He wakes up an hour later and John Watson has never actually experienced an epiphany before, never experienced that moment Sherlock is always chasing where all the pieces come together and your brain dissolves into fireworks and you know everything but he’s pretty sure that he just had one.
Before he can even think, he’s downstairs, pushing open Sherlock’s door and standing there like a fool.
Sherlock sits up, sleep-mussed and soft, and says “John, what’s wrong? Is it Watson?”
John licks his lips and tries to speak and…nothing.
“You…you love me,” he manages, and it’s a bare whisper, all he can force past the weight in his chest, of ten years of unsaid words. “Sherlock?”
Sherlock is looking at him with horror in his eyes.
“I-I” Sherlock says, and John interrupts him.
“Please say I’m wrong, Sherlock, please say I’m wrong,” and he’s speaking quickly now, tears running down his face unchecked, and his leg gives out and he finds himself on his knees by Sherlock’s bed, a ragged penitent in old pyjamas, prostrating himself before a saint. “Please say I haven’t been wrong all this time, haven’t wasted all these years, please, Sherlock, please…”
He hides his face in Sherlock’s bed, so that he can’t see Sherlock’s eyes, his beloved face creased in confusion.
“John?” Sherlock asks. “I don’t…I don’t understand.”
But John is sobbing too hard to answer, great heaving sobs, and Sherlock puts a hand on the back of his neck that burns like a brand because of course Sherlock would try to comfort him, even though he doesn’t understand what John is on about, even though John has hurt him so terribly so many times.
“I love you,” John gasps into the bed. Sherlock’s hand stills for a moment and then, cautiously, resumes its smooth comforting stroking.
“John, you’re upset,” he begins, but John cuts him off mid-sentence.
“Years, Sherlock, years,” he gasps. It’s becoming easier to speak, the weight on his chest becoming less with every word. “I’ve loved you for years. Since Angelo’s that first night, I think, since the cabbie, since the first time I saw you sleep-soft in morning light. I loved you in Dartmoor and I loved you at the pool - God, how I loved you in that moment, I would have fallen to my knees and worshipped at your feet for the rest of my life and I would have been content. I loved you on the roof of Bart’s and on the pavement a moment later. I loved you every moment of every day you were gone, and I loved you every time I stood in front of your grave and begged you for one more miracle, and I loved you when I punched your face because it was that or kiss you, and I loved you when you were bleeding out in Magnussen’s office. I loved you on Magnussen’s porch and I loved you on the tarmac, and I loved you in the morgue and in the hospital and in the prison and the well and I’ve loved you every moment since the day I met you, I love you I love you I love you.”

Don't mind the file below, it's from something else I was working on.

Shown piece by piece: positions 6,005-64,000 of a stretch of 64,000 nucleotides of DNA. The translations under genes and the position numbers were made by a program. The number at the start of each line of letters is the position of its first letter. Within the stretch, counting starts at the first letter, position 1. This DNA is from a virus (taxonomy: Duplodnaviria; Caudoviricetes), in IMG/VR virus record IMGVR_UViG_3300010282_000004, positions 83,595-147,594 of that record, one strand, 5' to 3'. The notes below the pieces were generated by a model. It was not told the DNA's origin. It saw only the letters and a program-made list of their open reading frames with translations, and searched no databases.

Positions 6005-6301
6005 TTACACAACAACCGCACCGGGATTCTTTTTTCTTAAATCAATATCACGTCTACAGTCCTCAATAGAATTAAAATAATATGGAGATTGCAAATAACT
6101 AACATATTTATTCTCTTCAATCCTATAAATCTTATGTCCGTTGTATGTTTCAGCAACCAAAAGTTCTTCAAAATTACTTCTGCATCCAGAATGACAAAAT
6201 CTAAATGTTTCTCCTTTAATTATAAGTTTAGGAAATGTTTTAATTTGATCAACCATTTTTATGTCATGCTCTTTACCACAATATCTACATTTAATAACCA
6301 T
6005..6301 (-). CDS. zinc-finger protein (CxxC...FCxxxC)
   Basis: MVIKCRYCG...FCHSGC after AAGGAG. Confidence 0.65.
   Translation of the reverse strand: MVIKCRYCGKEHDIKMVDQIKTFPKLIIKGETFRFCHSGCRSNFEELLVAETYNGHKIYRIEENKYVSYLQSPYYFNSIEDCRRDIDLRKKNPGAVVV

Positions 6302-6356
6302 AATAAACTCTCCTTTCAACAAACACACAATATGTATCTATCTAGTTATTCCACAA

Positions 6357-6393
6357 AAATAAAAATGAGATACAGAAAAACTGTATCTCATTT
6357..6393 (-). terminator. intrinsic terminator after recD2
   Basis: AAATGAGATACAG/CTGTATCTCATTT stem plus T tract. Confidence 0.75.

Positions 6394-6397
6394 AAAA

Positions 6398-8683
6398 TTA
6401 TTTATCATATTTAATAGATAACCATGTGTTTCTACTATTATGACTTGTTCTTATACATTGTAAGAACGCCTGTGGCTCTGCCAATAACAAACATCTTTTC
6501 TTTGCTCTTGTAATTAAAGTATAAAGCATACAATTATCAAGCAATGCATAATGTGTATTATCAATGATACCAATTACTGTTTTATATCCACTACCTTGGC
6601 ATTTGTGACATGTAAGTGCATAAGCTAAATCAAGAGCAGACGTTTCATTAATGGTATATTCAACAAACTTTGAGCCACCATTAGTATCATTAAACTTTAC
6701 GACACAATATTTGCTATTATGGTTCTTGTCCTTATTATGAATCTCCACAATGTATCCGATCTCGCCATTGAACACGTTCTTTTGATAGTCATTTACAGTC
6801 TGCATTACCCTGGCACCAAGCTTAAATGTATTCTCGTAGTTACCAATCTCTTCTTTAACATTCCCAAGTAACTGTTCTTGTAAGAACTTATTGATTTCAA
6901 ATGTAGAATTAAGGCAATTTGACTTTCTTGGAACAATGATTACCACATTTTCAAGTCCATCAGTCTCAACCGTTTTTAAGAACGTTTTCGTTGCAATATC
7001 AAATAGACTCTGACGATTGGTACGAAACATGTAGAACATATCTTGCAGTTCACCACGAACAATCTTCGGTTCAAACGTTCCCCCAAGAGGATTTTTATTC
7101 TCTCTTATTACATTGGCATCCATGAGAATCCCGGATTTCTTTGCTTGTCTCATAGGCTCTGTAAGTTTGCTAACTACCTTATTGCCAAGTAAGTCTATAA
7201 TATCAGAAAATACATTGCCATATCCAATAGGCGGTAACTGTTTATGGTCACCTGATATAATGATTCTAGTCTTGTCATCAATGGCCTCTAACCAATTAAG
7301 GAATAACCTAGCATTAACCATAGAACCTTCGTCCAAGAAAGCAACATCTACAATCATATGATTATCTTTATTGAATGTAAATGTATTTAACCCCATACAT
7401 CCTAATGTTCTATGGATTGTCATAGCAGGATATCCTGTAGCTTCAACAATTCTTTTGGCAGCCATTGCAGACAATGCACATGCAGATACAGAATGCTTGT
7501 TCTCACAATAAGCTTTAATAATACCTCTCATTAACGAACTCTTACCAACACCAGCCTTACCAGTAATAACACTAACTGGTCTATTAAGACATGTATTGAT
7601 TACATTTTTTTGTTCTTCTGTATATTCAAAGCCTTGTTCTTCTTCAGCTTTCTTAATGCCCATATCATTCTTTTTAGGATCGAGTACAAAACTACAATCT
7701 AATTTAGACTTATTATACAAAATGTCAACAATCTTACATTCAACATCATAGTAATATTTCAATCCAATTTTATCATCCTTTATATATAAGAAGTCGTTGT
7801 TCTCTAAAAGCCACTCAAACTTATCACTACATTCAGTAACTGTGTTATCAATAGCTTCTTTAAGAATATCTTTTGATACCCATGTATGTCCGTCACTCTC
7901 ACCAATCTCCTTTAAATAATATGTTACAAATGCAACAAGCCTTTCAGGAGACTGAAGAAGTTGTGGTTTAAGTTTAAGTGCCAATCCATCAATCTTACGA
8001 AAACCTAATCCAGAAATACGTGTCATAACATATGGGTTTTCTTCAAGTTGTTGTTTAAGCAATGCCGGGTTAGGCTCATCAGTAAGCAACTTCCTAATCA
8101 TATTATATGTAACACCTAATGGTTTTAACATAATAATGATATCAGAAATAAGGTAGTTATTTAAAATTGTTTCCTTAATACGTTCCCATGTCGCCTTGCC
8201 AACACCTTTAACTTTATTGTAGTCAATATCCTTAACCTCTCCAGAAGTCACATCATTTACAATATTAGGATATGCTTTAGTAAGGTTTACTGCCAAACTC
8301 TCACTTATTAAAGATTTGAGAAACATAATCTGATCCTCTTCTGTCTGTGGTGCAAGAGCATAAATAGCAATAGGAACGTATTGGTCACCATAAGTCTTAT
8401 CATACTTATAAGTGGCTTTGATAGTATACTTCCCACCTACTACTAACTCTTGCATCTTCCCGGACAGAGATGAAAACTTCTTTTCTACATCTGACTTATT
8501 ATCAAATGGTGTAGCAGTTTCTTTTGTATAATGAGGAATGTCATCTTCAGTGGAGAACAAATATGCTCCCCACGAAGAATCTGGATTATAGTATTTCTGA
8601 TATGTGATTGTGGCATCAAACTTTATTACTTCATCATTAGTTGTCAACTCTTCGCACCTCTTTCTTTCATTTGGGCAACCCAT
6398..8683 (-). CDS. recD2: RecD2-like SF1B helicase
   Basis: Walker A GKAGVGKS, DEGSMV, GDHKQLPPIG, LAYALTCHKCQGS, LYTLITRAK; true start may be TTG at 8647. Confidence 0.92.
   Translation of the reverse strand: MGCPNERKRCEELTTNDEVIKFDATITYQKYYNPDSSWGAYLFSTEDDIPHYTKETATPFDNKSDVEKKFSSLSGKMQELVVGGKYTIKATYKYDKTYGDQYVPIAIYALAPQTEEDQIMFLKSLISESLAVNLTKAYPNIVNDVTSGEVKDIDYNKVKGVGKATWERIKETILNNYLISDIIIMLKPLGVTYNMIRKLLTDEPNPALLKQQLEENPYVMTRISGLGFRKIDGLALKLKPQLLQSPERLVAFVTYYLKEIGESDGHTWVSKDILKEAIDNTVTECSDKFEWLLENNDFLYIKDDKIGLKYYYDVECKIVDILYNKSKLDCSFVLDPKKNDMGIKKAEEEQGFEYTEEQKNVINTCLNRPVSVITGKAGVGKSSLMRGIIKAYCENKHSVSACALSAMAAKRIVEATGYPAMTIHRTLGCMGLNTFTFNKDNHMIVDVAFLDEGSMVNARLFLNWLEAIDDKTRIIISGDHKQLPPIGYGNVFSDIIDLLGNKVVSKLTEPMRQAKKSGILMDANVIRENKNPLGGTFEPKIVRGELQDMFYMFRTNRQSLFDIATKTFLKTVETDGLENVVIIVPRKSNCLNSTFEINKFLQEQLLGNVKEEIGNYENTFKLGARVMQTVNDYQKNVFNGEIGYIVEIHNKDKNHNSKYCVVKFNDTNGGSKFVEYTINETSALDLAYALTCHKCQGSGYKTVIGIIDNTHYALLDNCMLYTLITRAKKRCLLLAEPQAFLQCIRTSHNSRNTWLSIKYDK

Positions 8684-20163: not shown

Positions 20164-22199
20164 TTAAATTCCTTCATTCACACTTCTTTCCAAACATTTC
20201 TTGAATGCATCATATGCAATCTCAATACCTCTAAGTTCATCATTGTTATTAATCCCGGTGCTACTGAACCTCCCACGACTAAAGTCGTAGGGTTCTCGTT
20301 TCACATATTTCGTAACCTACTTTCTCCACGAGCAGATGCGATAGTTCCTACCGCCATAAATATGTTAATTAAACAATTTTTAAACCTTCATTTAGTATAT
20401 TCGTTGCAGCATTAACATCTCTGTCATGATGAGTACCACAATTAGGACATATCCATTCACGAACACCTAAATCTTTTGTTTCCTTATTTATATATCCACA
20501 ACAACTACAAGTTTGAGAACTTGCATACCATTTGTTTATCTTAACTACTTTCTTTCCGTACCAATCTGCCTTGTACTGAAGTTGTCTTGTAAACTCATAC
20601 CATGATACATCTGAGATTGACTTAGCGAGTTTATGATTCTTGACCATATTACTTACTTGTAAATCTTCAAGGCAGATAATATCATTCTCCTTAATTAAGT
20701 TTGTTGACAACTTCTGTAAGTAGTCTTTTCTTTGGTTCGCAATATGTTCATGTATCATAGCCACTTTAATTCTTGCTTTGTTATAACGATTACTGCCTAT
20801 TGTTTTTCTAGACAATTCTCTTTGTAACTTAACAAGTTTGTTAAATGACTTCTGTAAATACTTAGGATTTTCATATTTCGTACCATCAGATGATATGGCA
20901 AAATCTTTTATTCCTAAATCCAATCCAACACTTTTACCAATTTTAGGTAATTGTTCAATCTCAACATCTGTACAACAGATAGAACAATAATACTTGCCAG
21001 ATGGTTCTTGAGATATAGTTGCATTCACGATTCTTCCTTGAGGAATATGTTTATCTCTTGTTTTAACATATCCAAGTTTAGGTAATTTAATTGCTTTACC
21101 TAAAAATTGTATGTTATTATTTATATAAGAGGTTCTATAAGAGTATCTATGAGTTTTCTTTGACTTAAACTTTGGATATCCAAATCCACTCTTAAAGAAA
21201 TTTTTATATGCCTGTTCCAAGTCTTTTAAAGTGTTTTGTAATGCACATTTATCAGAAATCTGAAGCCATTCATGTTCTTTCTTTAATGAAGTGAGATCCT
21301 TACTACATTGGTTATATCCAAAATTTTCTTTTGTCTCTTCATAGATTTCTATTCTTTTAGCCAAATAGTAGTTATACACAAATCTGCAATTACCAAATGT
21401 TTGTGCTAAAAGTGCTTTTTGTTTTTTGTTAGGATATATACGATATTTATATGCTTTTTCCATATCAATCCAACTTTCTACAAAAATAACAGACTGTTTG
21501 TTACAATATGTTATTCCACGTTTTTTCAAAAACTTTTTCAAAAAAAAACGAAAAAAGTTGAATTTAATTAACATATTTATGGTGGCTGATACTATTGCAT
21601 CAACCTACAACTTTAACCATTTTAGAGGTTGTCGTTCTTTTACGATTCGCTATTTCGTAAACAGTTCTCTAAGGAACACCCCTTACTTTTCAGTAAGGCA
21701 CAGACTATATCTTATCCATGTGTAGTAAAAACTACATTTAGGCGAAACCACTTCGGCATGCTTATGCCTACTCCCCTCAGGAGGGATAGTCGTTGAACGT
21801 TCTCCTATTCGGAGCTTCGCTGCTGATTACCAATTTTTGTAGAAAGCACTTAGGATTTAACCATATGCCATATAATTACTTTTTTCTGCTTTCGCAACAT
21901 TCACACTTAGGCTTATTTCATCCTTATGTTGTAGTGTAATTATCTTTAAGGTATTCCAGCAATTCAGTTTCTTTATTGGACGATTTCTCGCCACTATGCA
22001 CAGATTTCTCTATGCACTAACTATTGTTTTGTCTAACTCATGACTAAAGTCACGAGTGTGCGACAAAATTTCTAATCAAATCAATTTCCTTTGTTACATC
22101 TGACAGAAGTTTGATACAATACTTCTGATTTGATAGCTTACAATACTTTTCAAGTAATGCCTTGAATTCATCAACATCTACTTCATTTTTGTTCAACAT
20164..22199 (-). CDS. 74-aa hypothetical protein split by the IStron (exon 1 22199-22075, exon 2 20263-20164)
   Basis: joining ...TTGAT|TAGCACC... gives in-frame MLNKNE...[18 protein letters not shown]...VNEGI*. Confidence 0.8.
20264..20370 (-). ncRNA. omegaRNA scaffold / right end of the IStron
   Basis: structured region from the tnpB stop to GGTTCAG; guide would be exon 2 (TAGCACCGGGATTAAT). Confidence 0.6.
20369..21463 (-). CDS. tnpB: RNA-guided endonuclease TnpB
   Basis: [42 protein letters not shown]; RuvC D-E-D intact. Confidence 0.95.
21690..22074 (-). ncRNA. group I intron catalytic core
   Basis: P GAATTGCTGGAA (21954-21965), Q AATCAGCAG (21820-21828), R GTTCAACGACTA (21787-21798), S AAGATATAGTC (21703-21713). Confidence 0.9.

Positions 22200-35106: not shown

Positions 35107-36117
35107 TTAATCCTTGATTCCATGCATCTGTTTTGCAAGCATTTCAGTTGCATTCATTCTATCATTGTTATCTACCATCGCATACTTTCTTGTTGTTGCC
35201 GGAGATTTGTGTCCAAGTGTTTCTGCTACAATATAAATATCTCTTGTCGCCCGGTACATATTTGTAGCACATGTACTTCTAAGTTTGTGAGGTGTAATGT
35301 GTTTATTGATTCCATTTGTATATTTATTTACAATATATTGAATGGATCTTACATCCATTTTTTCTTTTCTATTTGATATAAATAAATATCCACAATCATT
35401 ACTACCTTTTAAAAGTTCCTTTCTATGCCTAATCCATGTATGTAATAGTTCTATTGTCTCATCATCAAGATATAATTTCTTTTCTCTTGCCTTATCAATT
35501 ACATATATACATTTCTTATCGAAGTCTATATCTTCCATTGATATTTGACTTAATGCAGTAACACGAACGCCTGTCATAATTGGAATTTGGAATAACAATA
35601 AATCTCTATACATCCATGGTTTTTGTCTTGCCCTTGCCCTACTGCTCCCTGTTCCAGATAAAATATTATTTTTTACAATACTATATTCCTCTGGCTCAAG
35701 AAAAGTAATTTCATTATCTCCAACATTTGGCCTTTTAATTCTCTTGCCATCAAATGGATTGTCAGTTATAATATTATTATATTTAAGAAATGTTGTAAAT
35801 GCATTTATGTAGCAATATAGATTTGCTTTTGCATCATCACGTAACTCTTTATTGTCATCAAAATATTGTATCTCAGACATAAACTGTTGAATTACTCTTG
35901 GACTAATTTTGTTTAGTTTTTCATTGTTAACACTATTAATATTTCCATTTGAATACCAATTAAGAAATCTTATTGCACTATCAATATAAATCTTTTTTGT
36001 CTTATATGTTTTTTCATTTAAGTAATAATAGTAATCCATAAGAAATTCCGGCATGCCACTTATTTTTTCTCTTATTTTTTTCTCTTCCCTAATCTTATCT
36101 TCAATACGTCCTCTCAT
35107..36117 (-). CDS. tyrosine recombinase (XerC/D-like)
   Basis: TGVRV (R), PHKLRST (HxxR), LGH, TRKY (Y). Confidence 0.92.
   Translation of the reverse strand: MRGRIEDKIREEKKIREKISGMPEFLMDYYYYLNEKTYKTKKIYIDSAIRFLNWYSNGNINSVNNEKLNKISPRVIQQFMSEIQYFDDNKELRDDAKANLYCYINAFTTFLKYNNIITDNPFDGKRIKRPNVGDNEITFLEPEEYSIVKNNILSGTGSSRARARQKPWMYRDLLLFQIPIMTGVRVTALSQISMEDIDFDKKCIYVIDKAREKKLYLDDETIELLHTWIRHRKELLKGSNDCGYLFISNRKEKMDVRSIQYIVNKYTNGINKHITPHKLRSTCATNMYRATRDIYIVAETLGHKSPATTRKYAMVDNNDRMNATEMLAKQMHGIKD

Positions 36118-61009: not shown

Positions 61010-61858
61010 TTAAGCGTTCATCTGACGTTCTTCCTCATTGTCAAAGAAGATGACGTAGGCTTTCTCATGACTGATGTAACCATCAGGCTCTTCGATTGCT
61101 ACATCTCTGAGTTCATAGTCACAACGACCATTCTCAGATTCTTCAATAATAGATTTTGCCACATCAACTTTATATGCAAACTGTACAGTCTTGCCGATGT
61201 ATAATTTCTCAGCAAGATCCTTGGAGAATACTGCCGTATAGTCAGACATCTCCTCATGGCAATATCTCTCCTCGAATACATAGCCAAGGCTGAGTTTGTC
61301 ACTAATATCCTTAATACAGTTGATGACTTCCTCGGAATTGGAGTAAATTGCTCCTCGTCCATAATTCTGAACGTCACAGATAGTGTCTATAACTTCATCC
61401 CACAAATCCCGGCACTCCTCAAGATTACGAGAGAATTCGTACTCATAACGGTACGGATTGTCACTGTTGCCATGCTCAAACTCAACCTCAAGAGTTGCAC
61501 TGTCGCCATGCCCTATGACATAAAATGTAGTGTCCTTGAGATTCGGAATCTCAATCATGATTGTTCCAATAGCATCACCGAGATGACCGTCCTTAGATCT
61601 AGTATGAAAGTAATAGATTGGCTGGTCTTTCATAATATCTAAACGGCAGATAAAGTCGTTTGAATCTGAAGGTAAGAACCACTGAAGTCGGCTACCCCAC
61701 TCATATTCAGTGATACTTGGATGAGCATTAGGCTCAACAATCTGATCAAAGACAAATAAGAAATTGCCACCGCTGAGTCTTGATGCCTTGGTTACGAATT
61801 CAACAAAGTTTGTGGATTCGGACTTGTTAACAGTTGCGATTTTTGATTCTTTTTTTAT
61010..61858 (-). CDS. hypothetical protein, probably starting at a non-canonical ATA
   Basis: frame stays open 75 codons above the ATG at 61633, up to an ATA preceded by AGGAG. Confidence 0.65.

He doesn’t stop so much as run out of breath, chanting those three words - three words he’d never thought he’d be able to say - like prayer, John is a monk and this is his religion now, this is his faith, this only thing he knows for sure.